EUREKA- Highway 101 in Eureka is the main route people take to get through town, but drivers face issues.
Commuters say traveling on Highway 101 in Eureka can be irritating.
“It's annoying to go from one end of Broadway to the other end," said Whitney Morgan, who is a Eureka resident.
Caltrans traffic engineers estimate that using Highway 101 in Eureka, it takes 11 minutes to get from V Street to Kmart, a distance of just over 4 miles. Eureka residents have noticed a change over the years.
“It's a lot more congested and busy. You can't park on it really. You get stuck in traffic from light to light. You just can't make it through," Morgan said.
Others, like Blue Lake resident Brenda Starr, avoid the route at times due to traffic jams.
“Whether I experience them or not, I think they're there so I circumnavigate and go a different way,” said Starr.
And the number of cars on the road is going up.
“We do anticipate that that traffic will increase gradually. The growth factor there is not huge…. it would be a 25 percent increase over a 20 year time span," said Brad Mettam, the Deputy District Director for Planning and Local Assistance for Caltrans, District 1.
As late as the early 1990s, there were plans for a bypass through Downtown Eureka. Caltrans even purchased properties in preparation for construction, but the state funding to build the project never came. Community support dwindled, as well.
"As it became drawn out over time, people just started to give up on the idea of ever having a freeway and maybe enjoyed the fact that there weren't going to be all these buildings and structures torn down to allow the freeway," said Chuck Goodwin, who served on the Eureka City Council from 1969-1980.
State officials rescinded the plans in the 1990s.
"Nobody really sat down and looked at the other side and said, 'Well what's going to happen if we don't do anything?' And that's what we're stuck with now. We didn't do anything and now this is what we have is congestion," Goodwin said.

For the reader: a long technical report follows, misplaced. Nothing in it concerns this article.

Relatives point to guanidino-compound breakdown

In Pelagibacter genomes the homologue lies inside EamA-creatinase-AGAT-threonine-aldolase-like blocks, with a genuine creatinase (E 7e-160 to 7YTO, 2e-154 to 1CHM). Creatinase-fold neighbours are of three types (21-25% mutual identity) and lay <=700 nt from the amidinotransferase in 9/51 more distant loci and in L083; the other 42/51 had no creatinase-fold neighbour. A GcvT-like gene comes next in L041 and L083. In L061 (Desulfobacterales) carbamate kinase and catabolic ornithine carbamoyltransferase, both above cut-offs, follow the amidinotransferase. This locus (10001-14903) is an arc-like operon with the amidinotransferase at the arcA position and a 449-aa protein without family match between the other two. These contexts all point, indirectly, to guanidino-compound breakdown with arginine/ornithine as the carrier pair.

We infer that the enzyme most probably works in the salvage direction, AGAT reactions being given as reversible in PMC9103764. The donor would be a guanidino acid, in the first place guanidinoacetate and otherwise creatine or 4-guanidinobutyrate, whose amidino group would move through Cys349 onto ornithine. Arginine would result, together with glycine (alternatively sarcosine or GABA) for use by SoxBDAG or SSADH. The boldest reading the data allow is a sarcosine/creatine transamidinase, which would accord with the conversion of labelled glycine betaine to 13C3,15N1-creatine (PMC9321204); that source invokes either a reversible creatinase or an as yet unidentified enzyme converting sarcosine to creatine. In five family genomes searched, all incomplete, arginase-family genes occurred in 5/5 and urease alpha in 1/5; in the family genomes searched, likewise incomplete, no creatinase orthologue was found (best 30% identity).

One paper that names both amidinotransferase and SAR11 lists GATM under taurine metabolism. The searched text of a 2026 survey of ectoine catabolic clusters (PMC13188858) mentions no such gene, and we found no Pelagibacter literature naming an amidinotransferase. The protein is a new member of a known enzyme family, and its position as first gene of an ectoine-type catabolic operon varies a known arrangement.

According to Caltrans, most of that congestion occurs between 7 a.m.–9 a.m. and 4 p.m.-6 p.m.
Congestion isn't the only concern. The State Office of Traffic Safety ranked Eureka as having the third highest accident rate for a city of its size in 2008, 2009 and 2010. A third of all those collisions take place on Highway 10.
In 2013, there were nearly 200 reported collisions, 111 injuries, and one person killed on Highway 101 in Eureka. This year, three people have died on the stretch.
"I think we do see a lot of our collisions during the commute times when there's more traffic on the streets. So stop and go traffic I think plays a role," said Sgt. Gary Whitmer with the Eureka Police Department.
Authorities attribute most of the accidents to driver error.
"I think it's the people who drive on these roads with cell phones and things and texting. It causes distractions and I think people need to focus and pay attention to their driving. Obviously, if you're driving on Broadway, with stop and go during the commute times, it's time to put those devices down and focus and pay attention," Sgt. Whitmer said.
Some say cars aren’t completely to blame either.
"I was driving on 4th Street and I ended up rear ending a different car because I was dodging a person who decided to just run into the middle of the road and unfortunately, I totaled my car," said Kenna Shapiro, who is a Eureka resident.
For Part 2 of Broadway Bottlneck, we speak with Caltrans officials about what’s being done to make Broadway, 4thStreet and 5th Street safer and more efficient.